The doctor at Hopkins recommended I meet with a nutritionist, since there were some other things my test results showed which could benefit from the input of an expert in this area.  I made the appointment and had to wait several weeks before I could be seen.  While I was waiting, I came across an article in the newspaper about one of the founders of Johns Hopkins Hospital, William Osler.  As a student at Hopkins, I remembered seeing a huge portrait of him, along with the other three "founders," but didn't really know anything about him.  The article mentioned that he was the person who began what we now know as "ground rounds."  He also wrote a medical school classic entitled "The Principles and Practice of Medicine," which was, from what I read in the article, a primary medical school textbook for generations of future doctors.  I found the article interesting and, maybe out of boredom that day, decided to do a google search on the good doctor Osler.  I quickly found that a PDF version of his book was online.  I saw in the table of contents that there was a chapter on "Diabetes Mellitus," which Dr. Osler defined as a "disorder of nutrition..."  Imagine that.  Well over a century ago,  a preemninat medical school/hospital founder made it clear that what we eat is directly tied to diabetes.  Now, I know that this may seem so basic for some, and its true I already knew this from years of daily glocuse testing myself, but hearing it once again was a little jolt.  What came next in my reading was even more fascinating.  Without using the name, Osler went on to propose a treatment plan which was, I think, an early keto/low carb diet.  "the carbohydrates in the food shoud be reduced to a minimum."  Wow.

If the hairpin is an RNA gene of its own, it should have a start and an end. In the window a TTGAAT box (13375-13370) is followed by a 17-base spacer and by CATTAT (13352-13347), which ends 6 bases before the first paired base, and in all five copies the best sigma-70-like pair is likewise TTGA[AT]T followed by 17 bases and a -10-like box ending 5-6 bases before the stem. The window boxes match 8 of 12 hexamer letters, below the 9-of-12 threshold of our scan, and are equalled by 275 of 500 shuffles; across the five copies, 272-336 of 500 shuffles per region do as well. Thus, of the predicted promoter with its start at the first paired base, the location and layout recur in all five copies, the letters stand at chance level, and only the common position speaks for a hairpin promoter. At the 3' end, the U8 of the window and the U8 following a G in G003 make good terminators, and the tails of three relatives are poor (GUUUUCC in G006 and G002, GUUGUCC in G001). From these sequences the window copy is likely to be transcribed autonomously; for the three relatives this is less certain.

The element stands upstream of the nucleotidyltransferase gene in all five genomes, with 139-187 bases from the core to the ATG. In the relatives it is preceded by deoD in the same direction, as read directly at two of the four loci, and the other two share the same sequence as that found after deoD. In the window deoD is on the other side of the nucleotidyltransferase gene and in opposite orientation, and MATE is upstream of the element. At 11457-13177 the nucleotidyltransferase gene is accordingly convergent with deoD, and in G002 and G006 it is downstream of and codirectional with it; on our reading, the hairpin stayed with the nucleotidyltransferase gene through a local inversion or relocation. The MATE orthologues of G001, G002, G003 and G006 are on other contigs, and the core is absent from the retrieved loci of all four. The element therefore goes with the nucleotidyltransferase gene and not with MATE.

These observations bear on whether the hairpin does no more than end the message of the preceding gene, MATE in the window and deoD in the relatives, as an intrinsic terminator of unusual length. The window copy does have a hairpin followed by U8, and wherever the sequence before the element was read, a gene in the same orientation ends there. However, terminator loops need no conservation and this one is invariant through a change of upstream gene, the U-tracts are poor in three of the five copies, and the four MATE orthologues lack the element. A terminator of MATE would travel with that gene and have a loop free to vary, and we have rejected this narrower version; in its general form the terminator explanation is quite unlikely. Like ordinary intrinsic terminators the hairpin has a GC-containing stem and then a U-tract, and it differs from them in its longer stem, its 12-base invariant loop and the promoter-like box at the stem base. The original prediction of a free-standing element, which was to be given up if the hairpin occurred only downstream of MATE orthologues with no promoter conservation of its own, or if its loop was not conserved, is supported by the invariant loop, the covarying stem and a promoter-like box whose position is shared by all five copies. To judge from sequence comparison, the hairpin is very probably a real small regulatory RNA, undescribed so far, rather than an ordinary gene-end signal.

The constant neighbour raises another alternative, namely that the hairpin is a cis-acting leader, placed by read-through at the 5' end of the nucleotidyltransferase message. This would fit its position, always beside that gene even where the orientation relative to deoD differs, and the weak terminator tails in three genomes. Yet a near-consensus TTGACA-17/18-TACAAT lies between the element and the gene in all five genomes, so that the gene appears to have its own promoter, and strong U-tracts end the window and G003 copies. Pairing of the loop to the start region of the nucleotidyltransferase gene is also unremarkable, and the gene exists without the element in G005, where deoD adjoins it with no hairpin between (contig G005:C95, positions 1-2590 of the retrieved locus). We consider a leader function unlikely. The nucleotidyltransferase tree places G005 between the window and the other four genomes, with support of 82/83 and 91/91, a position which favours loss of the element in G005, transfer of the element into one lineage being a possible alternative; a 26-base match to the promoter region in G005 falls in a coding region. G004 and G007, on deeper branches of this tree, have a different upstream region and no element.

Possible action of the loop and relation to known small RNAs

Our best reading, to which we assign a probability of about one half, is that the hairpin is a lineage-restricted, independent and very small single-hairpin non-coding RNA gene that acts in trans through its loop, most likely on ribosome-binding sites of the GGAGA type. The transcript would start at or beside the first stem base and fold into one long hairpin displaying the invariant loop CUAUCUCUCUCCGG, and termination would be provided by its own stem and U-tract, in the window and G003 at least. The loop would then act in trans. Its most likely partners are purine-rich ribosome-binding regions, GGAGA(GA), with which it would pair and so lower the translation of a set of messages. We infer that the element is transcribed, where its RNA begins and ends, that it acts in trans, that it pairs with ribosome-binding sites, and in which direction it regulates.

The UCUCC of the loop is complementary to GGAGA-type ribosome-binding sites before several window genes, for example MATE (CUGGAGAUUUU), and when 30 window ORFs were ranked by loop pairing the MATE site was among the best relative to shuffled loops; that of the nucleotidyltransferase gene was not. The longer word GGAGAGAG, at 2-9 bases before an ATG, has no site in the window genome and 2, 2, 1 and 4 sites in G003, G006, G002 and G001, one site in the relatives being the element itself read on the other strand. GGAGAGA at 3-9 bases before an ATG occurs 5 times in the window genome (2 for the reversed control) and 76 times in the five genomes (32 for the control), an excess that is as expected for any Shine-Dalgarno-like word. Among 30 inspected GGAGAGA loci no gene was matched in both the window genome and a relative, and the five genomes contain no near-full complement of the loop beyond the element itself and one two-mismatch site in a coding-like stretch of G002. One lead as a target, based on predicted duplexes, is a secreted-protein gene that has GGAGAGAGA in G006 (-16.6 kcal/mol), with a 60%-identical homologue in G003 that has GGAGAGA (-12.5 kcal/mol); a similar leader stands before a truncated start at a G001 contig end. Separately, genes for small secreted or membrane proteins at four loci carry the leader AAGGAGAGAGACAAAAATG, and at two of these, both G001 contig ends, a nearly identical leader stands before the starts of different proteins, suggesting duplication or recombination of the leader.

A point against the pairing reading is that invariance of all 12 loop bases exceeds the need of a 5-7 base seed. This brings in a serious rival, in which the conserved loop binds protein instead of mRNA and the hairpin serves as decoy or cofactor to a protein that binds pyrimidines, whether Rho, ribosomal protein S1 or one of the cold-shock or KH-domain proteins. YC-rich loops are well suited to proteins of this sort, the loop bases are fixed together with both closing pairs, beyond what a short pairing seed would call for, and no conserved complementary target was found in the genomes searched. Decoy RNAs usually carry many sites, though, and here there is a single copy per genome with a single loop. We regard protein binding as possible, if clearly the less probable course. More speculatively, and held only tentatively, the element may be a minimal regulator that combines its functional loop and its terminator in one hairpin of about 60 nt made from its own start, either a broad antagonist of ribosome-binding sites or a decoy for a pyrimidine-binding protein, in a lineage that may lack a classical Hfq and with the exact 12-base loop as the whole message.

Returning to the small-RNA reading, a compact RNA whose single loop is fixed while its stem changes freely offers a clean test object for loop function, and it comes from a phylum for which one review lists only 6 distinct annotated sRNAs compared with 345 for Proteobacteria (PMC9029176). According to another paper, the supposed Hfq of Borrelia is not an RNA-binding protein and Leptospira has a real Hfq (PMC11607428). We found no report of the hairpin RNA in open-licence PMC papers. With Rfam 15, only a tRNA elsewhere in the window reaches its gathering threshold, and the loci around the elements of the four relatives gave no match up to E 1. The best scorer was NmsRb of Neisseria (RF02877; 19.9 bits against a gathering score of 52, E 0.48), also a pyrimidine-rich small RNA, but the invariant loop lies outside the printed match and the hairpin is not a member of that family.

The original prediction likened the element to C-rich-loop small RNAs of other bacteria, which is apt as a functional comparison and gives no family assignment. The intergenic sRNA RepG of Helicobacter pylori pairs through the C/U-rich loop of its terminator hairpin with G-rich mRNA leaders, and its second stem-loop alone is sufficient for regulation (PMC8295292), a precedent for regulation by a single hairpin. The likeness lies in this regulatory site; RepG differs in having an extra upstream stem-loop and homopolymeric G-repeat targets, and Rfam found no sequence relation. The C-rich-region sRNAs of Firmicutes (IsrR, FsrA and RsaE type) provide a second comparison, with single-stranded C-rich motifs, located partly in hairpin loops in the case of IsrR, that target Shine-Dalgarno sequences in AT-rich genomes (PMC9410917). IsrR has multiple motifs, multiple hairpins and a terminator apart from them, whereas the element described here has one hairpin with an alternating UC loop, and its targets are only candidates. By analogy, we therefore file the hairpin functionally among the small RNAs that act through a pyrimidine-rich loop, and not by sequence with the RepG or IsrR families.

When I did finally meet with the nutriionist, I didn't mention what I had recently read from Doctor Osler's book.  What amazed me was that, after our discussion about my health, he proposed a "modified low carb diet," one which had me eat about 30 carbs per meal, no more than 100 carbs in total per day.  So, I felt like the low carb diet had been confirmed as my diet of choice.  I'm still working on it as I type, but have to say that I feel really good on this diet.

One one of my early retreats, I had a nutritionist come to speak the the group. One of the things she said that day has always stuck with me.  "What successfully worked for Paul may not work for you.  You have to find what diet best suits you, and then stick with it.  Don't give up!"  So the end of the story here is, if you are dealing with a chronic illness or are realizing that you have not been taking proper care of yourself, you have to meet with your doctor and other experts and find out what diet will work best for you.  Use this time of isolation to start reading.  Make an appointment with your doctor for sometime this summer, when, please God, the COVID-19 pandemic will be over, and get a plan together to get your life back on track, body, mind and spirit.   We will get through this.  Long Live Christ The King!